I think ARK is a very interesting example. It was set up by some merchant bankers from Goldman Sachs. So the very people who have been credited with wrecking our economy are now in charge of running education. If you look at the history of state education, it was started because we did not want to rely on the kind words and pennies from rich individuals who thought they would help the poor. We wanted to pay for our own education without being in hock to anybody's philosophy or ethos. Now we seem to be sliding back to philanthropy. We may have a school where they give us a nice new building but perhaps you have to use certain computer programmes, or have to wear certain logos on your clothes, and so on.

And look at the ethos of Ark. They run a charity bash every year, a ball, which is the kind of thing you see in America, where you pay thousand of pounds for a ticket and only celebrities attend. The attendees at this year's Ark charity bash were Kate Middleton and whatever her husband's called – it was their first public engagement. This sets the tone. Elizabeth Murdoch was a guest. So you've got merchant bankers, corrupt media barons and an unelected royal family; these are the people who represent a charity that is now looking to run lots of schools.

And if you dig even further into Ark, one of their leading directors, Sally Morgan, has just been appointed to head Ofsted, while remaining as an advisor to Ark, and a second, Amanda Spielman, has been recommended to lead Ofqual, which is another government quango. So the corruption that we've seen in the Murdoch scandal, I see those tentacles of big business and government coming into the education sector.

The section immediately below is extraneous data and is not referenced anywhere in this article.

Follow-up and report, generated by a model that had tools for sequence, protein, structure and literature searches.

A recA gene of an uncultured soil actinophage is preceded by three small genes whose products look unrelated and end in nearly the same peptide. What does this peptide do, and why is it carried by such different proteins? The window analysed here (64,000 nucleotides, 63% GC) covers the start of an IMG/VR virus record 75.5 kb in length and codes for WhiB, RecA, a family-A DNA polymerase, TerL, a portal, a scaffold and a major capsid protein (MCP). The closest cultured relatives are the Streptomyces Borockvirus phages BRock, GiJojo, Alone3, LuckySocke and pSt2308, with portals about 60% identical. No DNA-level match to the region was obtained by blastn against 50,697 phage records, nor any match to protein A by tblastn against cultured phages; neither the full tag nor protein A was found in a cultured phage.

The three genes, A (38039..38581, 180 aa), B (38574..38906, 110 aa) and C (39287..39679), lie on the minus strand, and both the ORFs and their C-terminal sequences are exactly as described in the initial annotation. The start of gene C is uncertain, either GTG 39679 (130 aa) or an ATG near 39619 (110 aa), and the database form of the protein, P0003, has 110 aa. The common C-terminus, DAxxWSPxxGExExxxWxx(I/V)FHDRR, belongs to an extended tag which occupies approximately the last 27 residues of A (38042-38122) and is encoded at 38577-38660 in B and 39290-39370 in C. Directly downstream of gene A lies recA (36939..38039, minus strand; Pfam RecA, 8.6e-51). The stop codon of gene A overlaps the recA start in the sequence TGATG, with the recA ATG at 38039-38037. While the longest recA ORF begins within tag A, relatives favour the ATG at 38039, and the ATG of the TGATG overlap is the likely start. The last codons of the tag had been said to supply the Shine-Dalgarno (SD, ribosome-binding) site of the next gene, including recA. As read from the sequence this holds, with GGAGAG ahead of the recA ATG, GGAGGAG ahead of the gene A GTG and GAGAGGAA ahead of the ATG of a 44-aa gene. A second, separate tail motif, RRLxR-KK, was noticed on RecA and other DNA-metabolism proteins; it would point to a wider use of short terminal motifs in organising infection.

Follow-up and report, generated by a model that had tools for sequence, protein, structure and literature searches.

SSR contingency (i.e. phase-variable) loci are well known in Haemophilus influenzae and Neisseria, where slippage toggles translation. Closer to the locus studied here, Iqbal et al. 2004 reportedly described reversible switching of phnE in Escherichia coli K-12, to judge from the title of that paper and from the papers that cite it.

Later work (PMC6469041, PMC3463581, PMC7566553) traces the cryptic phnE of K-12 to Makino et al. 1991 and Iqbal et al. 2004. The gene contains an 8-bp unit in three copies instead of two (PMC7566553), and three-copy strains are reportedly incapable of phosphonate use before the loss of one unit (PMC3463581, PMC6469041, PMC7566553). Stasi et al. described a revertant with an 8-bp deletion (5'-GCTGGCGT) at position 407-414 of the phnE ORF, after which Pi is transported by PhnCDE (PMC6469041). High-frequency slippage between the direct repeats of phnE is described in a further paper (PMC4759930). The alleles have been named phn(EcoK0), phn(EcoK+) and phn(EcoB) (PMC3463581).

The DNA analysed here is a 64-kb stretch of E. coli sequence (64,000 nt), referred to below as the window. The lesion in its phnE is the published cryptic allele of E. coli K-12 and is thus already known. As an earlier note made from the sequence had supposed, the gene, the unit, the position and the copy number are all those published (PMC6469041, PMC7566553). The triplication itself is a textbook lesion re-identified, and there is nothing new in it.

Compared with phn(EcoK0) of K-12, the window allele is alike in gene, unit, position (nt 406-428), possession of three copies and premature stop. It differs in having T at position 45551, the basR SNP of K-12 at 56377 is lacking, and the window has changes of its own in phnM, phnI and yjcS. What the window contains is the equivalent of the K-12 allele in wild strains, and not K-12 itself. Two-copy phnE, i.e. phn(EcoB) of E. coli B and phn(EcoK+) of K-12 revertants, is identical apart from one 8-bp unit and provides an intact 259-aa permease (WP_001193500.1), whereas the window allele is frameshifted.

And resistance against free schools is building?

I think everywhere they've been set up there's been a voice of resistance. Toby Young's free school was originally going to be set up in Ealing until a local campaign chased them out. They've now been set up in Hammersmith. Interestingly, Toby Young claims his new school, where they wear gowns and play hockey – it seems like Hogwarts to me – is a mixed school and they have social integration. Yet the percentage of their students taking free school meals is half that of the neighbouring schools.

Exactly what we said would happen is happening. Free schools will lead to social segregation and the only way you will improve your results is by excluding those who are going to cause you more challenges; needy children, vulnerable children, the exact children our money should go to serve. These schools are only going to serve the needs of the middle class parents.

We have a campaign in Lambeth against the free school that is being proposed. There's another campaign in Hammersmith. So there are campaigns that are being set up but it is very difficult when the government is bribing parents by asking them if they want a brand new school. Because no parent is going to say: “no, I don't want the best for my child.” But we have to ensure that all our children get the best possible education they can.

And in a borough like mine, in Lambeth, you take away services, adventure playgrounds, after-school clubs, because the schools can't afford to run them. And remember that the free schools programme is funded by cuts to the Building Schools for the Future programme - it's a direct swap. So you take jobs away from the parents because they've been made redundant and then you take money away from their schools.

Corporate Watch's interviews with teachers and other public sector workers are here.

This interview is republished with kind permission from Corporate Watch.